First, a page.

Capousek is the latest of several foreign coaches to run into culture clashes with China's insular sports system.
"They want the knowledge, but won't accept the new system with it," said Francesco Liello, Beijing correspondent of Italy's La Gazzetta dello Sport.
The relentless focus on training can take a toll on athletes too. Xu Cuijuan, a distance runner and cyclist at provincial and national levels from 1993 to 2002, said she felt betrayed by a system that used her, then left her with little education, insurance or future.
"The coaches were very strict and hit or scolded us," she said. "After practice, sometimes I couldn't sleep or walk downstairs to the toilet because of all the blisters, my blackened toenails falling off."
Since being dropped by the team in 2003, she has worked at a golf course picking up golf balls for $140 a month. But others said differences over coaching style and a lack of athlete free choice were relative.
"Athletes have to give up some personal opportunity to achieve big Olympic goals," said Huang Yaning, head of the Olympic Studies Center at Beijing Sports University. "The system inspires people to move forward and become stronger."
Monday, July 7, 2008
Smog in Beijing five times over safety limit as Olympics nears
Pollution around the Olympic stadium in Beijing could be five times worse than levels deemed safe by the World Health Organisation.
Chinese officials admit they can no longer guarantee that the air quality will match international standards as pollution tests by The Sunday Times revealed the full extent of the challenge facing British athletes.
With just five weeks to go before the start of the Beijing Games, tests conducted outside the national stadium — known as the Bird’s Nest — and at Tiananmen Square, the starting point of the marathon, showed the air is thick with particulate pollution.
Even the Chinese government’s official air pollution index — which monitors a range of pollutants, including carbon dioxide and nitrous oxide — is running at double the level recommended by the WHO.
Four wheels bad, two wheels good
Beijing to ban a million cars to reduce smog
Du Shaozhong, deputy director of Beijing’s Environmental Protection Bureau, said: “We made a commitment to ensure air quality for the Olympic Games . . . as for whether we have reached the goal, that will be examined after the event.”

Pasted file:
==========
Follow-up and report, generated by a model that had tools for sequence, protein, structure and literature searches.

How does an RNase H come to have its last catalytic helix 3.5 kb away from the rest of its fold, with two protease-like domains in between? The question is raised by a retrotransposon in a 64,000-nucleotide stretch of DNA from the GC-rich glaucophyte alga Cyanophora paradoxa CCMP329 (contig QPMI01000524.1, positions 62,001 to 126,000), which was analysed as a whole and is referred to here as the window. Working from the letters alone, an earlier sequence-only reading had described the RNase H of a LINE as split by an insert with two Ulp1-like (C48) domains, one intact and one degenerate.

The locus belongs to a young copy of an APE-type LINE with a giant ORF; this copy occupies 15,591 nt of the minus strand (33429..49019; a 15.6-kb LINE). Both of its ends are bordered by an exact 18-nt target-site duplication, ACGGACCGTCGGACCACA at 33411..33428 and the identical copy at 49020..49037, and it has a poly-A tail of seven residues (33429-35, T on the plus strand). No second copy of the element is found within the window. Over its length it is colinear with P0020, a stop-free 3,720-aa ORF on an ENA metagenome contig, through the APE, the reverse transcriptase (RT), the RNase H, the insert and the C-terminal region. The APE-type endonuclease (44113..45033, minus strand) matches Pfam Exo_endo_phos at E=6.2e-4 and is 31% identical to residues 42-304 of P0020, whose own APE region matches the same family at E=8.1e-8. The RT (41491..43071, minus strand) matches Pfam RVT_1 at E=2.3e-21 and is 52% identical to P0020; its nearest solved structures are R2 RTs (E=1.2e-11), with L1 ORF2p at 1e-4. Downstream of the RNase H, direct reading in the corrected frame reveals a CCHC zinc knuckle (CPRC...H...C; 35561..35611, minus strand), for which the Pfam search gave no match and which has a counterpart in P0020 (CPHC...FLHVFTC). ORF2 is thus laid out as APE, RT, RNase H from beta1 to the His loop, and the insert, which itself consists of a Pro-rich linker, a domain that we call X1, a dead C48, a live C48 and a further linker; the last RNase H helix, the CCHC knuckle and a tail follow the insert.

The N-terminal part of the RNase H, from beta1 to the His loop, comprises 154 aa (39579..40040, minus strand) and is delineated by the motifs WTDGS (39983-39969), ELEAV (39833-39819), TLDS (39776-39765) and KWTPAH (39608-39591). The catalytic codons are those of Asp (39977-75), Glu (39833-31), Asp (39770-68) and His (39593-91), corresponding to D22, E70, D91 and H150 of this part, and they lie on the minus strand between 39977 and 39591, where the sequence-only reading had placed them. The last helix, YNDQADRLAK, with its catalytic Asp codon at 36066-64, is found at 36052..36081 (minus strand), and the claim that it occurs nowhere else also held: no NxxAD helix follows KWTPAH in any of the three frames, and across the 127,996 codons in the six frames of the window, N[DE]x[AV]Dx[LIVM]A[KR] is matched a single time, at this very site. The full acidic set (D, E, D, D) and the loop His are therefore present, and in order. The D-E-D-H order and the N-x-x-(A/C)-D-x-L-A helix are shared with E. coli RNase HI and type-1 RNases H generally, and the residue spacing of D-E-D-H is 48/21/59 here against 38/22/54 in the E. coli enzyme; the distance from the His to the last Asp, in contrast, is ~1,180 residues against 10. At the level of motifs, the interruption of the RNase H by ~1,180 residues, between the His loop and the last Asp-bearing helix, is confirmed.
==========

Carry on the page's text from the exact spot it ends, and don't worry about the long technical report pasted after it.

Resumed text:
The British team is taking no chances and will train in Macau on the southern coast until the last minute to minimise athletes’ exposure to Beijing’s smog.
Haile Gebrselassie, the world’s leading long-distance runner, who suffers from asthma, has already pulled out of the marathon.
Last week The Sunday Times used an industrial hand-held air monitor to measure the number of particles in the atmosphere, which include car emissions and coal dust from factories. The particles are considered the biggest polluting factor.
The average reading at the stadium was 780,000 particles per litre of air. Even factoring in a 25% margin of error for humidity levels exaggerating the readings, this is more than five times the amount deemed safe by the WHO. The organisation considers 105,000 particles per litre of air a health risk.
Average readings at Tiananmen Square were lower — but still four times worse than the WHO standards when factoring in the humidity.
“Anything over 300,000 would be very worrying if you were using the same equipment in London,” said Professor Frank Kelly, a pollution expert at Kings College London.
Thursday, July 3, 2008
北京奥运前的蝗虫灾 Locusts to China's list of calamities - Truly Biblical
Add locusts to China's list of calamities
Riots -- check. Earthquake -- check. Flood -- check. Plague -- check. Such a concentration of woes in this high-profile year has fanned rumors and superstition.
By Mark Magnier, Los Angeles Times Staff Writer
July 3, 2008
BEIJING -- First there was the freak snowstorm in February. Then the Tibetan riots in March. Then in rapid succession the controversial torch relay, Sichuan earthquake, widespread flooding and an algae bloom that's tarnishing the Olympic sailing venue. Just when it seemed that nothing else could go wrong this year in China, the locusts arrived.
Locusts? What is going on here? The litany of near-biblical woes would seem to lack only a famine, frogs and smiting of the first born.
The Middle Kingdom's parade of problems has threatened to put a major damper on China's anticipated moment of glory less than five weeks before the start of the 2008 Beijing Games.